The Yankees’ Closer Decision Is Made For Them

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You remember quarterback Matt Leinart, don’t you?

The former number 1 draft pick of the Arizona Cardinals and college superstar who has shown neither the aptitude nor the desire to be a starting quarterback in the NFL finally got his chance to play for a team—the Houston Texans—that had a very real Super Bowl chance.

Leinart took over for the injured Matt Schaub with the Texans at 7-3, heading for a division title and with the smothering defense that could’ve given them a conference championship. Leinart started his first game on November 27, 2011 and began by completing 10 of his first 13 passes with a touchdown. Then he was tackled and broke his collarbone on the play. His season was over.

This isn’t to imply that Leinart was happy to be injured, but given his reputation, he’s put forth the impression that he prefers partying to playing; that being the backup was just easier and safer.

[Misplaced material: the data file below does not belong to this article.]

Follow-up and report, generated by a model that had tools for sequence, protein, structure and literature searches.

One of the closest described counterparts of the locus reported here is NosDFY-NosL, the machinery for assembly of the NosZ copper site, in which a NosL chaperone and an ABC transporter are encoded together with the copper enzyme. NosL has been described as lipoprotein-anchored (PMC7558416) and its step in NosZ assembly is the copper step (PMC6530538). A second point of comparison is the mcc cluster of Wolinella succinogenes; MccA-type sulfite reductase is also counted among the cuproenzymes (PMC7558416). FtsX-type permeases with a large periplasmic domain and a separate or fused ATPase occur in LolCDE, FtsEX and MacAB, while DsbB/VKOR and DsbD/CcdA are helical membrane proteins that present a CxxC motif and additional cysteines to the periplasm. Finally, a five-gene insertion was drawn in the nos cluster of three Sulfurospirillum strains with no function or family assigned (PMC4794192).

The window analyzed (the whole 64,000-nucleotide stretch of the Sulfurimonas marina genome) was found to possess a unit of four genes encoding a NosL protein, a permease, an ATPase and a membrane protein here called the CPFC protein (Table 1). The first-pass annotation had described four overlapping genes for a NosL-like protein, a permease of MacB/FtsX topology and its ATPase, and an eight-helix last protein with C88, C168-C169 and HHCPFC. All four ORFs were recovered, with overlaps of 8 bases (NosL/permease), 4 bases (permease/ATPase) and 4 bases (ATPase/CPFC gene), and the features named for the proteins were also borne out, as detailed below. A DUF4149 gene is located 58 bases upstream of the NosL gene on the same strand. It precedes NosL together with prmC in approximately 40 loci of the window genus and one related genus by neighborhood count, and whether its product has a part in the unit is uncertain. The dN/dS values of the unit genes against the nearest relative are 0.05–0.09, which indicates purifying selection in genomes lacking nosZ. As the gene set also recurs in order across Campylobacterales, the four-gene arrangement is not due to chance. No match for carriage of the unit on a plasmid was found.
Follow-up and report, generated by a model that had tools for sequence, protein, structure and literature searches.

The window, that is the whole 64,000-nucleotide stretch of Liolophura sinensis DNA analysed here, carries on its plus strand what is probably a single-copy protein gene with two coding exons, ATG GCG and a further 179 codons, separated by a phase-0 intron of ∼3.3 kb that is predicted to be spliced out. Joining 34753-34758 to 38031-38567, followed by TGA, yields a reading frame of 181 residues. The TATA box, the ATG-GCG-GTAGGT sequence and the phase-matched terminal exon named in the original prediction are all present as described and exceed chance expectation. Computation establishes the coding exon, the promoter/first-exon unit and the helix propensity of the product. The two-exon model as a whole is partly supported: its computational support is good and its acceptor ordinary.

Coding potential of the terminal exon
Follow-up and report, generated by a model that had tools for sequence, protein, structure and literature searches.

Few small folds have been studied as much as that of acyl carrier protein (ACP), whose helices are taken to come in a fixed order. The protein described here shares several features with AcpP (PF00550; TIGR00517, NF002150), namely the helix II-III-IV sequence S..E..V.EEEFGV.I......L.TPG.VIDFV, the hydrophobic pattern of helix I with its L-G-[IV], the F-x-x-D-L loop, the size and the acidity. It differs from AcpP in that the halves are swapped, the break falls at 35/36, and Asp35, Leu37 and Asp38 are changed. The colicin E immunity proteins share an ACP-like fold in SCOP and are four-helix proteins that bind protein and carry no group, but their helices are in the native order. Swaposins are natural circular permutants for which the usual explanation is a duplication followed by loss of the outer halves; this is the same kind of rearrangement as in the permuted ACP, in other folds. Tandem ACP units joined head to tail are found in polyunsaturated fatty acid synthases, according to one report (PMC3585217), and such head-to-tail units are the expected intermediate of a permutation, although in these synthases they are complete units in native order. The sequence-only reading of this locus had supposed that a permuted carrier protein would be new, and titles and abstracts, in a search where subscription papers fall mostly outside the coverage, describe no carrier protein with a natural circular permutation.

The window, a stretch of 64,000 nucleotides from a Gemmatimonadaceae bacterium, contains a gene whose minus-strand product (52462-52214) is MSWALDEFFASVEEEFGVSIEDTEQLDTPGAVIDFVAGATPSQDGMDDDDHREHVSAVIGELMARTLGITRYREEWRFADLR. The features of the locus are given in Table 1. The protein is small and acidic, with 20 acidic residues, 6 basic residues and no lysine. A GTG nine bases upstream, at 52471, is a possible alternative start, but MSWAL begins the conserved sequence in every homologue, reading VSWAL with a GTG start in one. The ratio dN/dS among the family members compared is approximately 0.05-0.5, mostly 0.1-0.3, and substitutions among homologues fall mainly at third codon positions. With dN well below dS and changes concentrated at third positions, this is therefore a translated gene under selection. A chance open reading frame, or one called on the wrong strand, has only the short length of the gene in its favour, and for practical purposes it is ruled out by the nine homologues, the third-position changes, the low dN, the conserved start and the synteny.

Everyone needs an adequate number 2 and many times, the number 1 doesn’t want someone standing behind him who may or may not be holding a knife.

Leinart is content as a backup.

(Note: Yesterday, Leinart signed with the Oakland Raiders to be the number 2 behind Carson Palmer.)

We’ll never know whether David Robertson was overwhelmed with the prospect of replacing a legend as the closer for a team that judges any season that doesn’t end with a World Series win as an abject failure. But now he’s on the disabled list with a strained oblique and Rafael Soriano is taking over—officially—as the Yankees’ closer.

It’s the move they should’ve made from the beginning.